Netflix is testing another way to lose subscribers. After the controversial password-sharing announcement, the company now wants to get rid of its cheapest Basic plan. As reported by Gizmodo, Canadian users of the streaming service no longer have access to its cheapest subscription tier that doesn’t include ads.
Netflix’s help page states, “The Basic plan is no longer available for new or rejoining members. If you are currently on the Basic plan, you can remain on this plan until you change plans or cancel your account.”
Although it could make many users angry, I really hope Netflix goes through with this decision for more markets, but not because I want the company to profit with a more expensive tier. The streaming service should revamp all of its subscription plans. It’s 2023, and it wants to charge $14.99/ 16.49 CAD for Full HD streaming, two devices simultaneously, and the option to add one extra member who doesn’t live with you. I mean, seriously?
No other streaming charges extra for 4K, and Netflix thinks it still can do that. Interestingly, this is similar to what Spotify plans to do with a HiFi quality. The streaming reportedly plans to charge more to offer Lossless to users, while Apple Music and Amazon Music include this benefit with the standard subscription.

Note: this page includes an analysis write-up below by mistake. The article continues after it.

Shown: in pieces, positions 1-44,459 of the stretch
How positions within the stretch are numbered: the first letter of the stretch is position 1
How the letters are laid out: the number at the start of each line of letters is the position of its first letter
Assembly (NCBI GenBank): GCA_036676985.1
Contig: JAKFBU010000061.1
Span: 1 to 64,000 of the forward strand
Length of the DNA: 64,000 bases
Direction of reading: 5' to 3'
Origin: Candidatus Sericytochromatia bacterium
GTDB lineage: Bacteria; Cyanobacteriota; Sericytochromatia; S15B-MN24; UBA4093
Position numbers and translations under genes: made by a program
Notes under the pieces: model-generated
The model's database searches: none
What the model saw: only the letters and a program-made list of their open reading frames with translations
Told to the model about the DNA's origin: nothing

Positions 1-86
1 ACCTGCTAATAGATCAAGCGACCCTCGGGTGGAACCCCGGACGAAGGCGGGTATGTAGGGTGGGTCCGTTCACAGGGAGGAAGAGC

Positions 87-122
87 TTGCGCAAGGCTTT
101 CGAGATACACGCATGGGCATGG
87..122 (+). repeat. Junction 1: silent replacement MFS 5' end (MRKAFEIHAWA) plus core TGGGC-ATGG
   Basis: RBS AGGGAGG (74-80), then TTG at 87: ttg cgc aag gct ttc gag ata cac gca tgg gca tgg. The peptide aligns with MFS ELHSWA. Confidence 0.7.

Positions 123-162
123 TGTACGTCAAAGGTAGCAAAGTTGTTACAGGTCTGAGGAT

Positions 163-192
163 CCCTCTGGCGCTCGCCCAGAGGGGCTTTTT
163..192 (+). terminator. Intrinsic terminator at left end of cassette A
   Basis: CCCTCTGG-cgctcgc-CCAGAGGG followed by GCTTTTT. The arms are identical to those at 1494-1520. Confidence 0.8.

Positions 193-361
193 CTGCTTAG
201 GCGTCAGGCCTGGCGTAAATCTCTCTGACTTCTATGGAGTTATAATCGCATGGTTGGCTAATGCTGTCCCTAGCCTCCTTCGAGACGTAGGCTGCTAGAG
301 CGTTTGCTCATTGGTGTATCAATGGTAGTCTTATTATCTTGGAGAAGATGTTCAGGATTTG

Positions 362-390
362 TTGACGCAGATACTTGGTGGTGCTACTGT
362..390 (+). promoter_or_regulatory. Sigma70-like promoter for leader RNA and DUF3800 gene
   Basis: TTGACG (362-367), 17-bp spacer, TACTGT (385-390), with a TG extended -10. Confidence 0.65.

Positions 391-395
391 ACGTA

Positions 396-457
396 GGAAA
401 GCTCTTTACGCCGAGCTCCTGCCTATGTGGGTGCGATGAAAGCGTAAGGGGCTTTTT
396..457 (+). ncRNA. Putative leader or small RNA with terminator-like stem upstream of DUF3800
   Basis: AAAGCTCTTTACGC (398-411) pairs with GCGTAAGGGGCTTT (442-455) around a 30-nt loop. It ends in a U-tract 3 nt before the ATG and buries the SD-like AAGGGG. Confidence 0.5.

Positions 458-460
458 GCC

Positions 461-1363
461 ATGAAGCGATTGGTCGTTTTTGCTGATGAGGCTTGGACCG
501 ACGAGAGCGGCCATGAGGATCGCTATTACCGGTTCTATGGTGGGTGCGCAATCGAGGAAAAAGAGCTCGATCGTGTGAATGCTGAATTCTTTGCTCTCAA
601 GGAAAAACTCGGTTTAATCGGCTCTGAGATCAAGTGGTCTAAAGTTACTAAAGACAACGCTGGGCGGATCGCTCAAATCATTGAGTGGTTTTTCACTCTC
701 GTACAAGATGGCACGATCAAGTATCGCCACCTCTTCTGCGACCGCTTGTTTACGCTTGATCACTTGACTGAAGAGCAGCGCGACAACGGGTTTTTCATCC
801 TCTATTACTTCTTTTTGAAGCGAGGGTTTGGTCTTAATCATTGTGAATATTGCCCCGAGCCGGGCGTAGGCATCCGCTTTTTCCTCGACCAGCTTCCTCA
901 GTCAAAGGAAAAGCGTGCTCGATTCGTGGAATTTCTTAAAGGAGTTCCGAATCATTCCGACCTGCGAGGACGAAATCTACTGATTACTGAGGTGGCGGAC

In April, Bloomberg reported that Netflix lost over 1 million users in Spain in the first three months of 2023, according to market research group Kantar, due to the crackdown on password-sharing.
As a Netflix subscriber for the past ten years, I have already downgraded my account from Premium to Standard because I didn’t see value in paying more just to have 4K streaming. If this change comes to Brazil, I’ll indeed be joining many other customers that prefer to pay for other competitors rather than Netflix, as it feels the company is just being cheap in its offerings.
To improve numbers, Netflix should revamp the subscription tiers by offering 4K quality to all users and keep Full HD for those that prefer to pay the bare minimum with ads. Now, removing plans just to force users to spend more will just backfire.
We’ll see exactly that if this test in Canada starts expanding worldwide.